Add all that together, and the chances of a woman finding a production gun that properly fits her are probably statistically worse than her odds of winning the PowerBall.
Length of pull (or LOP) is the distance from the middle of the trigger to the end of the buttstock.
The standard length of pull on a factory shotgun is typically more than 14 inches. Women, especially those with shorter arms, often feel more comfortable shooting a gun with a shorter length of pull.
Thirteen to 13.5 inches seems to be the sweet spot for most women.
Having a shotgun with the proper LOP can almost magically improve your shooting. It helps with fast target acquisition and provides better control.
When you raise the gun to your cheek, the barrel will more naturally point toward your target. It will also feel more comfortable, which is incredibly important for shooting success and enjoyment.
A quick way to check a gun’s LOP fit is to hold the grip while bending your arm 90 degrees at the elbow.
If the butt touches the bottom of your bicep, the LOP should be pretty close. On the other hand, if it doesn’t reach your bicep, it’s likely too short. And if it’s too long…well, it should be obvious.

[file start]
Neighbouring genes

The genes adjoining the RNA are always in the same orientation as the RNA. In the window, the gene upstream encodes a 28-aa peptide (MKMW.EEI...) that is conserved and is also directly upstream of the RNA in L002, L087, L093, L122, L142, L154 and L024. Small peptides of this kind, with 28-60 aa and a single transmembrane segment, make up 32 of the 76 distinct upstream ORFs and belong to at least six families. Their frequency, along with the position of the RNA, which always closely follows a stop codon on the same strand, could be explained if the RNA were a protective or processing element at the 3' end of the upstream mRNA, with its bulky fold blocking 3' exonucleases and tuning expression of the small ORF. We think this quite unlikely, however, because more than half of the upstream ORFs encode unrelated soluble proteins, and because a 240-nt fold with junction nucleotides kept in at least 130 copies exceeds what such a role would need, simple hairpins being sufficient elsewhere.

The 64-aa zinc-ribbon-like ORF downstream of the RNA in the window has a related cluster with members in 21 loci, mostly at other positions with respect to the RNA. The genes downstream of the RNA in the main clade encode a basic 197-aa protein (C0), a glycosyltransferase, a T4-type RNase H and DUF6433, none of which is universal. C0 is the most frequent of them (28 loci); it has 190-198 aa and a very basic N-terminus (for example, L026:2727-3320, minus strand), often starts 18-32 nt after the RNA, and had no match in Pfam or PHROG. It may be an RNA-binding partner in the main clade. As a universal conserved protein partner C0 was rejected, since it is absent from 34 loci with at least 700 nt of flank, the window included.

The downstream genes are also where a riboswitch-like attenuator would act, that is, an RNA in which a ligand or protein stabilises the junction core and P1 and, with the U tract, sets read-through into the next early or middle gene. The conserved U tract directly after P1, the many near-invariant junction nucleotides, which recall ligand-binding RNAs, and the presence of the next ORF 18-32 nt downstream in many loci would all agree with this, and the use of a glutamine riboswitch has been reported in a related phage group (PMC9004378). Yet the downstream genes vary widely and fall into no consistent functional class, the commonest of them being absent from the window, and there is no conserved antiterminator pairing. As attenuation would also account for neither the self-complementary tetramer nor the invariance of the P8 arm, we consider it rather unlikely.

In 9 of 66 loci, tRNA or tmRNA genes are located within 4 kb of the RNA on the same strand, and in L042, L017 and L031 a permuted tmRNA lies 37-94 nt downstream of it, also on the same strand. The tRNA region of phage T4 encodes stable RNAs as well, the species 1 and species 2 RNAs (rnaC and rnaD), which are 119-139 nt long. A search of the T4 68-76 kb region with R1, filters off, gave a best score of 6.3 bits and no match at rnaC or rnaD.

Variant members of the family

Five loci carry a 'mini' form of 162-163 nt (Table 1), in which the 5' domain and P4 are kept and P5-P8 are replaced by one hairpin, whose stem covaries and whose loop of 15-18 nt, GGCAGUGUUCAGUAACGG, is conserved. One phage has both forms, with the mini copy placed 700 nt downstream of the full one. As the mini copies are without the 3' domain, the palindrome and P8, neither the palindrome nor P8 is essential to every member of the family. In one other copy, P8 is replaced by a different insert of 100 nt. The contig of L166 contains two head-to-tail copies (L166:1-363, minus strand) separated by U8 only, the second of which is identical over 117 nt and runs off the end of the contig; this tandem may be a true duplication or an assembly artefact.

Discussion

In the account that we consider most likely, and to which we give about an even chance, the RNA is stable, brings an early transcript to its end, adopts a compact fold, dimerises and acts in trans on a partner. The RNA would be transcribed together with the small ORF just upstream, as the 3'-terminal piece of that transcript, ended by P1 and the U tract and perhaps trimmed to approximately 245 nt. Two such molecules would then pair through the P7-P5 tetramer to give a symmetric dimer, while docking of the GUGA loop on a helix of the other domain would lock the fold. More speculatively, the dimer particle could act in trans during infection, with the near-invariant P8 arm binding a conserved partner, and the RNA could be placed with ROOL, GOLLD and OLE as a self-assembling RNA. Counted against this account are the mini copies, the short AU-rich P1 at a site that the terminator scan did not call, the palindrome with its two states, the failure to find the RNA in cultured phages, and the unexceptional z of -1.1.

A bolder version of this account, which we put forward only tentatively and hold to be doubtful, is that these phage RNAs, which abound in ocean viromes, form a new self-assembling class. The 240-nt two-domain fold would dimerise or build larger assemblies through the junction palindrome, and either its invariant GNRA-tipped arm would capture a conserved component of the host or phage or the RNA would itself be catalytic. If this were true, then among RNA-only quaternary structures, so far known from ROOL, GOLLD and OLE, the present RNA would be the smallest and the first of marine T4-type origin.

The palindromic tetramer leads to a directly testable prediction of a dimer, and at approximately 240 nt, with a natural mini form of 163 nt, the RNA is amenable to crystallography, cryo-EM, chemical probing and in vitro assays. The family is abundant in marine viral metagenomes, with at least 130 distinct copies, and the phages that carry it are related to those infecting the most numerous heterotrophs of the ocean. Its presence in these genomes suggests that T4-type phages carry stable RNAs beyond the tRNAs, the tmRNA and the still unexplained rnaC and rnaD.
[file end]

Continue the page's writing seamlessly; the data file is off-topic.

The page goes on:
You can easily lengthen the stock with a slip-on recoil pad.
When you hear shotgunners referring to pitch, they aren’t talking about baseball.
In the shotgun world, “pitch” is the angle of the butt in relation to the barrel. That angle influences how the stock fits into the shoulder pocket.
Too much upward pitch can cause the gun to whack you in the face when you shoot, no matter how great your cheek weld or how tight your hold.
With too much downward pitch, the gun will slip off your cheek when you shoot, making follow-up shots a nightmare.
You can manage a quick pitch fix by inserting a few quarters behind the butt pad to act as spacers. Put two to three at the top to correct an upward pitch. Insert a few coins at the bottom to level out a downward pitch.
Once you find a comfortable angle, a gunsmith can customize the stock for a more permanent fit.
It’s tempting to opt for a lightweight shotgun. Hauling a heavy scattergun across acres of field and farmland in search of upland game birds can leave you with an aching back.